Written and directed by Terrence Malick, The Tree of Life—available on Blu-ray and DVD from The Criterion Collection—is a watershed moment in contemporary cinema. Pairing the impressionistic poetry of cinematographer Emmanuel Lubezki, the abstract visual effects of Douglas Trumbull, the concrete reality of production designer Jack Fisk, and elliptical storytelling, The Tree of Life is simultaneously micro and macro, the story of everything told in a single blade of grass. Or a simple American family of five, the O’Briens, living in suburban Texas circa 1956.
Jack (Hunter McCracken) is the eldest of the three boys, sons of the demanding and exacting Mr. O’Brien (Brad Pitt), a man cut from the Old Testament cloth.
Mr. O’Brien lives with many rules and little mercy. He expects much of his family, but he expects more of himself. He never misses a day of work and tithes on Sundays. Years ago, he practiced countless hours in hopes of being a concert pianist, but it was not to be. Now he holds over two dozen patents, yet no one praises him an inventor. When the industrial plant he’s worked at for decades folds, he is offered either a job no one wants or no job at all.
And where the father leads, the son follows—not by choice, but by inevitability. Jack grows up to be an architect (played by Sean Penn) and sulks about with equal remove. “I’m more like you than her,” the son tells his father.
Her is Mrs. O’Brien (Jessica Chastain), and she is life. Her sons adore her, butterflies rest on her hands and at one point she floats playfully near a tree. She’s more spirit than person, a real-life Snow White representing everything Mr. O’Brien isn’t. “There are two ways through life,” she says, “The way of nature and the way of grace.”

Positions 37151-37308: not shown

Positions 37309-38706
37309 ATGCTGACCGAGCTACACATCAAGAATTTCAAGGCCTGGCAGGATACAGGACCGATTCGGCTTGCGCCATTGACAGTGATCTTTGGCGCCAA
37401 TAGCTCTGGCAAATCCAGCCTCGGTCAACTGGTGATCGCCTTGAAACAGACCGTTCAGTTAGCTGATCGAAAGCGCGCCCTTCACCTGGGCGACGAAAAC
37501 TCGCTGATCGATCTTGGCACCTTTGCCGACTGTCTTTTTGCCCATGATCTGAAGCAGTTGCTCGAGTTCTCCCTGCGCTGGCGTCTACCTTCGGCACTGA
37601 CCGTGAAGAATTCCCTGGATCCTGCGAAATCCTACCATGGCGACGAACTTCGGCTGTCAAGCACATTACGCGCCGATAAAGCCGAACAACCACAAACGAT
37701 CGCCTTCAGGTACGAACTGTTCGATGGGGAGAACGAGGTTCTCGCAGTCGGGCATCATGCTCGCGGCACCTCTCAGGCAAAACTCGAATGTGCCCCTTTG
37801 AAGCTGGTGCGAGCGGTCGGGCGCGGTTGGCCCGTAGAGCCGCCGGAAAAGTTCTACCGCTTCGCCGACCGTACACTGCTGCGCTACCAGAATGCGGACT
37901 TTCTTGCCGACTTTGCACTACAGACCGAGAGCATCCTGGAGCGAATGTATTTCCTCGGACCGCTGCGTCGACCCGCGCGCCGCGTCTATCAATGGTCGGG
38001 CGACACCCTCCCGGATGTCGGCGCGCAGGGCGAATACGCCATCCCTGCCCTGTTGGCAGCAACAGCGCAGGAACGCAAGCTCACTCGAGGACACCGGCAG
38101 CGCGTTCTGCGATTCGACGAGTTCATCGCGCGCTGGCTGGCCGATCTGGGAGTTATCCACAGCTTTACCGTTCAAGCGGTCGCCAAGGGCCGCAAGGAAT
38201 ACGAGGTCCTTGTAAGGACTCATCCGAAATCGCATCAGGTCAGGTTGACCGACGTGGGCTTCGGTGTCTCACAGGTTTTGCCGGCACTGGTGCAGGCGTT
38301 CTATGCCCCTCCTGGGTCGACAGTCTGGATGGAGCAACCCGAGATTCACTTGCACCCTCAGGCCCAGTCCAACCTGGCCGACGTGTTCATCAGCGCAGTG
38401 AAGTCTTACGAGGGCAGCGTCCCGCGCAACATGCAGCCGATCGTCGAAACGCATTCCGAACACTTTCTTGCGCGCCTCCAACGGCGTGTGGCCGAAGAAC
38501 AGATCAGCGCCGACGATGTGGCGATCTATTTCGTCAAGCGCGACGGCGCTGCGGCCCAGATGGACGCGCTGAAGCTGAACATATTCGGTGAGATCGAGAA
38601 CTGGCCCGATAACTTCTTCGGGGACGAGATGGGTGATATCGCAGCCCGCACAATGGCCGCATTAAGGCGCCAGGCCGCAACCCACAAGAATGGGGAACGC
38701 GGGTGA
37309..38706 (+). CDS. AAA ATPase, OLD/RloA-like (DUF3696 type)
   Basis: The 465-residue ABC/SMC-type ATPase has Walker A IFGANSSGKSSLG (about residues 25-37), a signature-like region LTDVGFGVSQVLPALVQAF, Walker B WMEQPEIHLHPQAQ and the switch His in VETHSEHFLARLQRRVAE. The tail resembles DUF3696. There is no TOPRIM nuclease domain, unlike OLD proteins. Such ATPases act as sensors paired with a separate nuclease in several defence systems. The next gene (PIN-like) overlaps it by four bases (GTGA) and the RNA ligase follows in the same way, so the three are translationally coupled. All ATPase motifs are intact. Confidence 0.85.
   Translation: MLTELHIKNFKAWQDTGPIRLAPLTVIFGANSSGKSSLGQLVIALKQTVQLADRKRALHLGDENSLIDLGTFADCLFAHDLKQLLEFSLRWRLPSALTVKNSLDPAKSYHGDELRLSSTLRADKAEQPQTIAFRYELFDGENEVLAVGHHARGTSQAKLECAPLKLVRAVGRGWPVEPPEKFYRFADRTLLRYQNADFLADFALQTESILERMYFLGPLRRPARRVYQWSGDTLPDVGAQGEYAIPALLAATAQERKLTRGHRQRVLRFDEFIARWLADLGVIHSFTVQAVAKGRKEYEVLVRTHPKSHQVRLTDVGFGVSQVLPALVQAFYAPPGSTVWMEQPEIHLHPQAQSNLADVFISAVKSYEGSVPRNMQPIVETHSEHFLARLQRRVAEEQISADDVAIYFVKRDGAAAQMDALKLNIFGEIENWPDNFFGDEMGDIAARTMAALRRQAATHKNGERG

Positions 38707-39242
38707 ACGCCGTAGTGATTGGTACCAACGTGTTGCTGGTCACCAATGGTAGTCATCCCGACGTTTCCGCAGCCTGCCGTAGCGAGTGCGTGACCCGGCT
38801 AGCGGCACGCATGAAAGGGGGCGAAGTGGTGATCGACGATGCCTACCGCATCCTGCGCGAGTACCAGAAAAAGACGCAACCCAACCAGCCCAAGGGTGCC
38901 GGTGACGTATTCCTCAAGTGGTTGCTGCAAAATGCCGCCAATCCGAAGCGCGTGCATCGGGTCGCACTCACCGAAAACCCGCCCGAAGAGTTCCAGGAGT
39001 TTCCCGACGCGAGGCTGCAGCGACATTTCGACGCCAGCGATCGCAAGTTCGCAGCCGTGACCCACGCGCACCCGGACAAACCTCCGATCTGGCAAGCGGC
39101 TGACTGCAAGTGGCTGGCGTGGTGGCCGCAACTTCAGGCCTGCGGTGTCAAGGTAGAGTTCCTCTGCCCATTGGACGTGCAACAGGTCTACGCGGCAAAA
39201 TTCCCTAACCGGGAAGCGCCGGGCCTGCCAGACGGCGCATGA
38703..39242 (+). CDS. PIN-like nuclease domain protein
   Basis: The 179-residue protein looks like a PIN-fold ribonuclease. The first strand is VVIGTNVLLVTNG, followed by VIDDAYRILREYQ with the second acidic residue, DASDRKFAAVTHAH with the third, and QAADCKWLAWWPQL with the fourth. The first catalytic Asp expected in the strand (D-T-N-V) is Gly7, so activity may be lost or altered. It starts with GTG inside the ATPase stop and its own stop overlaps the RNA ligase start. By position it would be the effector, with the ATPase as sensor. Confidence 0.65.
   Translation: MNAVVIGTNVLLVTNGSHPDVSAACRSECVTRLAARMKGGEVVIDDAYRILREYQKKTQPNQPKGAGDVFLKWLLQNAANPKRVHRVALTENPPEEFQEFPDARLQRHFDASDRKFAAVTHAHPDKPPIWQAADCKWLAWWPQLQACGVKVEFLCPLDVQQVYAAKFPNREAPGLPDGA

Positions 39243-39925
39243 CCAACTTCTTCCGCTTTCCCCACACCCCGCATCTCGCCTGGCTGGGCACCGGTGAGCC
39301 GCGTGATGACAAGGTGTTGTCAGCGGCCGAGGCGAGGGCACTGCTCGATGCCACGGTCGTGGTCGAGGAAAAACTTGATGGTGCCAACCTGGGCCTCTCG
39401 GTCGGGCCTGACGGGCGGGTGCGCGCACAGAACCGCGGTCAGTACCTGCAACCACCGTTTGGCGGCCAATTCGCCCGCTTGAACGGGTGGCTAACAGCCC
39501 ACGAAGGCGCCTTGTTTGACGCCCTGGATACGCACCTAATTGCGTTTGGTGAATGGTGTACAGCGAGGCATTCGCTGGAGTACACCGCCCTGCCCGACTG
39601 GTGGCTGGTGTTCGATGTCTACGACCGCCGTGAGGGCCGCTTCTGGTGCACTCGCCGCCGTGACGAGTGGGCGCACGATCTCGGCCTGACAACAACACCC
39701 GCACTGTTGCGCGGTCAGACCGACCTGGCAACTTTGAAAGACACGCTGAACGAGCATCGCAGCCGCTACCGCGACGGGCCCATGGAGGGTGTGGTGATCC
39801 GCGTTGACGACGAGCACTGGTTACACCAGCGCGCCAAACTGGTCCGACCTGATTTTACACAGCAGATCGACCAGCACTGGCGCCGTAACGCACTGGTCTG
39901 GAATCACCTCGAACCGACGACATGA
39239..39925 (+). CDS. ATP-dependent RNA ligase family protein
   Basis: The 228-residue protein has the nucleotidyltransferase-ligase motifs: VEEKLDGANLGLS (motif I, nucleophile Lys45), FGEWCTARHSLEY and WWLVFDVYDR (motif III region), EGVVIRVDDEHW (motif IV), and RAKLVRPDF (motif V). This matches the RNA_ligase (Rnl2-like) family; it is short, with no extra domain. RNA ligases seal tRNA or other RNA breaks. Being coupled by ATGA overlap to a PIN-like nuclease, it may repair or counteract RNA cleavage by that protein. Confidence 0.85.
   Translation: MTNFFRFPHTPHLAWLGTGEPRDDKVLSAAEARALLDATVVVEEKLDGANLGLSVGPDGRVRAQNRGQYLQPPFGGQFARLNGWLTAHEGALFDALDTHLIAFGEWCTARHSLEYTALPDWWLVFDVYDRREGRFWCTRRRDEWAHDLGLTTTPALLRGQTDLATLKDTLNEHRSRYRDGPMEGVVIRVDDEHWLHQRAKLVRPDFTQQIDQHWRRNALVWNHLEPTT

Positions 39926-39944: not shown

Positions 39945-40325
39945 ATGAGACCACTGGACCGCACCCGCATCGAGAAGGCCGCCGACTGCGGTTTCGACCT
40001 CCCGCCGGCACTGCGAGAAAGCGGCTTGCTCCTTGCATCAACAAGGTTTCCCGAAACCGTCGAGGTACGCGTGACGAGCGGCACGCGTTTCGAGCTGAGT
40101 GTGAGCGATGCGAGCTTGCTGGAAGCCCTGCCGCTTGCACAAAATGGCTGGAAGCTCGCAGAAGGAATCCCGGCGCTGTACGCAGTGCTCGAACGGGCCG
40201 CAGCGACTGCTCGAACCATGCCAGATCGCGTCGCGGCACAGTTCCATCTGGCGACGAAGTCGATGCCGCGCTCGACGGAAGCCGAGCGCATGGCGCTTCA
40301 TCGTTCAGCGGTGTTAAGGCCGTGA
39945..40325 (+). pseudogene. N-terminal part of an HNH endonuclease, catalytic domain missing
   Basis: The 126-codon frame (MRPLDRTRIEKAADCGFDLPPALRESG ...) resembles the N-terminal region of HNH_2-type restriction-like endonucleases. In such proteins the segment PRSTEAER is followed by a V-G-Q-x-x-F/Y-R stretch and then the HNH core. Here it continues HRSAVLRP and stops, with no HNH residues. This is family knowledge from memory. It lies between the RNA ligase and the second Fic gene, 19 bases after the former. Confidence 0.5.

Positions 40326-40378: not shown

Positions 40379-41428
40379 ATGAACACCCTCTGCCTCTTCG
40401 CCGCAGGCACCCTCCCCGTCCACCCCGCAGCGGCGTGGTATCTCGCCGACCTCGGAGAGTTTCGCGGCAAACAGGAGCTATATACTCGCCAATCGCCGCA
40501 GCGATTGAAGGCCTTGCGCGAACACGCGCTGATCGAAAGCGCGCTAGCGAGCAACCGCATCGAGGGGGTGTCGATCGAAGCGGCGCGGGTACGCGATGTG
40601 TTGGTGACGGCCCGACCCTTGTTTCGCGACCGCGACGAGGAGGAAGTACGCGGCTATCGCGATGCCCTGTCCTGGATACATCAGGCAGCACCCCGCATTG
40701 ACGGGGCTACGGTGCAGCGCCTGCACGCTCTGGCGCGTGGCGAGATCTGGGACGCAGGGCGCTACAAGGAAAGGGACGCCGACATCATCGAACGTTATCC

Malick chooses grace but understands nature’s importance. From the formation of the universe, hot and violent, to the evolution of the species, varied and magnificent, Malick’s script races fiercely through time. Eons collapse into minutes, and entire movements are suggested by moments: Cells separating, molten lava breaking free and forming islands, an act of mercy between predator and prey, obliteration at the hands of something otherworldly.
Moments echoed in the O’Briens’ personal lives: A father who is more threat than parent, a mother who is more guide than protector. In the film’s most moving scene, the boys come home to find that Mr. O’Brien is away. Now they rule the roost, free to run around the house screaming and slamming the screen door as hard as they want. Mrs. O’Brien rolls her eyes, but even she cannot help but be moved to play. The camera glides and François Couperin piano music elevates the image to something more than just a movie.
“Help each other,” Mrs. O’Brien whispers on the soundtrack. “Love everyone. Every leaf, every ray of light. Forgive.”
I first saw The Tree of Life in 2011, not long after the movie won the Palme d’Or at Cannes. I knew nothing of the film beyond the win and that it had dinosaurs in it. Frankly, it could have been about anything and I still would have gone: My wife’s friend had died unexpectedly that morning. The two were close, and neither got a chance to say goodbye. It was a warm summer day, but the world felt cold, cruel, and without order.
Two-and-a-quarter hours later, I emerged from the dark warm and full. Not everything is meant to make sense, and the secrets of the universe will probably never be revealed. But there is order there, somewhere, and that’s enough. We may be alone today, but someday we will be with all the world.
Criterion’s special edition set includes a new extended version of the film featuring an additional 50 minutes of footage; Exploring The Tree of Life, a 2011 documentary featuring collaborators and admirers of the film; new interviews with Chastain, Alex Ross and senior visual-effects supervisor Dan Glass; video essays from Benjamin B and Matt Zoller Seitz; the movie’s trailer; and an essays from Kent Jones and Roger Ebert.